What is it about ancient Egypt that holds such enduring fascination? The word Pharaoh itself – from Egyptian pr-’o, meaning great house – conjures images of immeasurable wealth: gold and silver, towering monuments, bejewelled sarcophagi. But surely there is more to the epoch’s allure than the loot?
The National Gallery of Victoria’s 2024 Winter Masterpieces blockbuster exhibition, Pharaoh – announced on Wednesday and opening next June – will showcase more than 500 individual pieces from the British Museum’s permanent collection, exclusive to Melbourne, in the largest international loan the London institution has ever undertaken.
The exhibition hopes to expand our knowledge of the ancient culture, to see beyond the shimmering glamour and godlike royal lineages.
The announcement comes as the Australian Museum in Sydney prepares in November to launch Ramses and the Gold of the Pharaohs, an unrelated exhibition featuring 181 “priceless artefacts” from the reign of Ramses II.
Part of Egypt’s enduring attraction is its sheer archeological bounty. This is due to the nature of its preservation, explains the British Museum’s international touring exhibitions curator, Dr Marie Vandenbeusch, who is helping put the NGV show together.
“It’s very dry land [in Egypt] and quite a lot of the tombs were buried in the desert. This gives us access to the bodies of ancient people, but also furniture, clothing and food. You have monumental architecture and of course, you have writing. It gives us a unique perspective.”
It is, however, a skewed, top-down view of the civilisation. These stunning burial treasures were reserved for the richest members of society, including its royal families; most of the artefacts only reflect the culture’s elite. What of the artisans and craftspeople who actually made these objects? What of ordinary ancient Egyptian life?
Vandenbeusch believes Egyptology is undergoing a transformation or evolution in this space. “We’re refining our understanding of that layer of the population, trying to understand what they believed and their connection to all those objects,” she says. The exhibition includes fragments of everyday life found in the village of Deir el-Medina, where craftspeople lived while working in the Valley of the Kings.
Of course, the treasure – all that bygone bling, from the carved green siltstone head of Thutmose III to the quartzite seated statue of Sety II, grandson of Ramses II – remains the key drawcard. That such artistry could be perfected thousands of years before the birth of Christ and marvelled at all these millennia later touches something in us. It might be the detritus of a fallen civilisation, but it connects us to the beauty and grandeur of human expression.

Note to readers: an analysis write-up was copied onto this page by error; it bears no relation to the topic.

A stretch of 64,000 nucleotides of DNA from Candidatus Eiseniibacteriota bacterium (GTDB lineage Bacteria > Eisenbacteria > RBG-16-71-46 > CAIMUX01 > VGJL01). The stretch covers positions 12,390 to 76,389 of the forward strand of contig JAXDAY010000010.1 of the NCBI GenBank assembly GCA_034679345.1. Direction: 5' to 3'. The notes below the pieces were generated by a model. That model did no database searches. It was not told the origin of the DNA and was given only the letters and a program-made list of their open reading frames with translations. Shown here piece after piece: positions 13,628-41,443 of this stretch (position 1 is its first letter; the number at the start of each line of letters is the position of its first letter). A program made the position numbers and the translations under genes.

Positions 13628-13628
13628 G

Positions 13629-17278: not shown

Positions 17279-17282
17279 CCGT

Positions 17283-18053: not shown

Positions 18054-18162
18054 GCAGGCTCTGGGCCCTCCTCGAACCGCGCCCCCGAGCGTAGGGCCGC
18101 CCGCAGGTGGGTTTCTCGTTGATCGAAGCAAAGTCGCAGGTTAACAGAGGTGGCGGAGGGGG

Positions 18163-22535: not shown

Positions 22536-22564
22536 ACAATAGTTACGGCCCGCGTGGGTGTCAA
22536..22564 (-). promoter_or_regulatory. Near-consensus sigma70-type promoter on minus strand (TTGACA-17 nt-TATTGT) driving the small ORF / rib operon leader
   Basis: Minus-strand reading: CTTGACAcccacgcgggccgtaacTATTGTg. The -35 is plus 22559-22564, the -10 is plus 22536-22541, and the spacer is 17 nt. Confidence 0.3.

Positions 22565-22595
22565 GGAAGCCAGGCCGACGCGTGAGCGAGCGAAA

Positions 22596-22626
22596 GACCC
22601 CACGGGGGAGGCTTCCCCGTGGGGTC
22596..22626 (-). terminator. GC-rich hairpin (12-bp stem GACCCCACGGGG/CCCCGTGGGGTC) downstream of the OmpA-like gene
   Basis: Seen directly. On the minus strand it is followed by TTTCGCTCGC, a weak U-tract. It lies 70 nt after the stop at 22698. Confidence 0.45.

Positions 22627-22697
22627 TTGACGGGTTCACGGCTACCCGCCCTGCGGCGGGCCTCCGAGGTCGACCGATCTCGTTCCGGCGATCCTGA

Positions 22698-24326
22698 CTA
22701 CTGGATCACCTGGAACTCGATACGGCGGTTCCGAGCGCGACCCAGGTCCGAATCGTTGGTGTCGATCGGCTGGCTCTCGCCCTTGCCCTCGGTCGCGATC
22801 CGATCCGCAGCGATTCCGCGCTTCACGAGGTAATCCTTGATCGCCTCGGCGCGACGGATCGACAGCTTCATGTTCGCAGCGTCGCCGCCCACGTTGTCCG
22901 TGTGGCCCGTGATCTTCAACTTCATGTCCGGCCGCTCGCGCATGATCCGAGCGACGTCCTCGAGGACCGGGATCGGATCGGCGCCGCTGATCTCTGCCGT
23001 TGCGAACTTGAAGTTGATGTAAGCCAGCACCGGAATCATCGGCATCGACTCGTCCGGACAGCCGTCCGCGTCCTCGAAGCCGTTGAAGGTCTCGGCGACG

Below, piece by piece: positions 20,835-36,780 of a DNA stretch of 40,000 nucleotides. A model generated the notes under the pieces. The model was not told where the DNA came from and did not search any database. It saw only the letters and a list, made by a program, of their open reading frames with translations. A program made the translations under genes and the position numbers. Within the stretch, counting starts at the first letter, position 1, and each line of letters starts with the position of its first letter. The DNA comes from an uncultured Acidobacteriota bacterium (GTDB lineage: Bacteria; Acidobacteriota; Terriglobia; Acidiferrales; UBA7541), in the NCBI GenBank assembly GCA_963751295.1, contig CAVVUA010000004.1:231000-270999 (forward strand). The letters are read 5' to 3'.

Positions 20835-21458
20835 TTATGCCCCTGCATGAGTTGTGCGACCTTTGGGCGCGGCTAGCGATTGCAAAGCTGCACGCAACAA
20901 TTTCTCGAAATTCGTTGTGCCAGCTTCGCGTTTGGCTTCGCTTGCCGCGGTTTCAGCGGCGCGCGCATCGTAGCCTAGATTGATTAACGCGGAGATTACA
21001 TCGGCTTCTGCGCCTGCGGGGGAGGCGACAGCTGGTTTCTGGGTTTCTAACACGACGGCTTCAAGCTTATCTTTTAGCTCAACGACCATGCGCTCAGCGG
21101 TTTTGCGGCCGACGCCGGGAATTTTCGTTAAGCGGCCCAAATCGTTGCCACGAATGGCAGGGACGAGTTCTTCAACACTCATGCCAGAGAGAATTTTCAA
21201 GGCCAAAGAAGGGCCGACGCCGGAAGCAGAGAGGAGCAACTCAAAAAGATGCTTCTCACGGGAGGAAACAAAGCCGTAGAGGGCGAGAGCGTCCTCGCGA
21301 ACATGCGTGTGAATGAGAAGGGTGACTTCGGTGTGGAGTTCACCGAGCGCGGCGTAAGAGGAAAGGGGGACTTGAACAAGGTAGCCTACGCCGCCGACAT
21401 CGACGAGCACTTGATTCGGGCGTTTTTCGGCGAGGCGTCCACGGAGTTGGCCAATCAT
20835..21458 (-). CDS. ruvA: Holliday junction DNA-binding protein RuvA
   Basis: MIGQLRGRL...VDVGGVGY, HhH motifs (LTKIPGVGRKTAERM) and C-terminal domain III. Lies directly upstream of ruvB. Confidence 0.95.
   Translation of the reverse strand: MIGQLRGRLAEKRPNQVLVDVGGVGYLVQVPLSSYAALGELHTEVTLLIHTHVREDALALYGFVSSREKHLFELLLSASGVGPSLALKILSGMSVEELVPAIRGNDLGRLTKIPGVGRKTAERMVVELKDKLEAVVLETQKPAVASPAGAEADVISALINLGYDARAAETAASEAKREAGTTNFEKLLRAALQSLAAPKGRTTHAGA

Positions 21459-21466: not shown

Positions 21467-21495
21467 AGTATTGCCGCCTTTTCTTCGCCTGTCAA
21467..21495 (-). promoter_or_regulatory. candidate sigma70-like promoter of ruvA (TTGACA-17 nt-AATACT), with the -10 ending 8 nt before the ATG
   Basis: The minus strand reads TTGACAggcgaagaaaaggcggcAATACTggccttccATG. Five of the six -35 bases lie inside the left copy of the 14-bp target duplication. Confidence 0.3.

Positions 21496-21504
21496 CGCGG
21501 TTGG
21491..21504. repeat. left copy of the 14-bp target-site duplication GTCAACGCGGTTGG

The objects are also far more than virtuosic status markers for the rich and famous. There is a charged spiritual dimension to them, says Vandenbeusch. One piece in particular, “a small statue of Amun-Ra in gilded silver, found buried in the temple of Karnak near modern-day Luxor”, was believed to be the incarnation of the god. “All the offerings and rituals were made for that statue, and it was buried in sacred ground,” she says. To this day, Vandenbeusch finds it “quite magical. It’s as if the god is still living in this statue.”
Pharaoh will encompass the entire ground floor of the NGV; it features massive architecture and sculpture, including a reassembled limestone wall from an Old Kingdom mastaba tomb carved with hieroglyphic texts, and a 1.5-tonne 1.5m-wide fist of Ramses II, a fragment of a colossal statue designed to convey the pharaoh’s immensity and power.
The exhibition has been a long time coming. “The process started many years ago,” Vandenbeusch says. Much of the work focused on conservation of objects, getting them to a state that could endure transportation across the globe.
While it’s a boon for Australian audiences, it means the exhibition will land just as the arguments around provenance and repatriation heat up. Should the British Museum even have these objects in the first place?
“We’re a museum with a lot of archaeological material, and a lot of discussion is happening [with colleagues in Egypt] and will need to continue to happen,” Vandenbeusch says.
She stresses there “are no contested pieces in this exhibition” but grants that institutions such as the British Museum and NGV – the “great houses” of today, holding on to their spoils – may just have a reckoning coming. Nothing, not even the grandest civilisation, lasts forever.
• Pharaoh, the Winter Masterpieces exhibition, runs 14 June to 6 October 2024 at the National Gallery of Victoria in Melbourne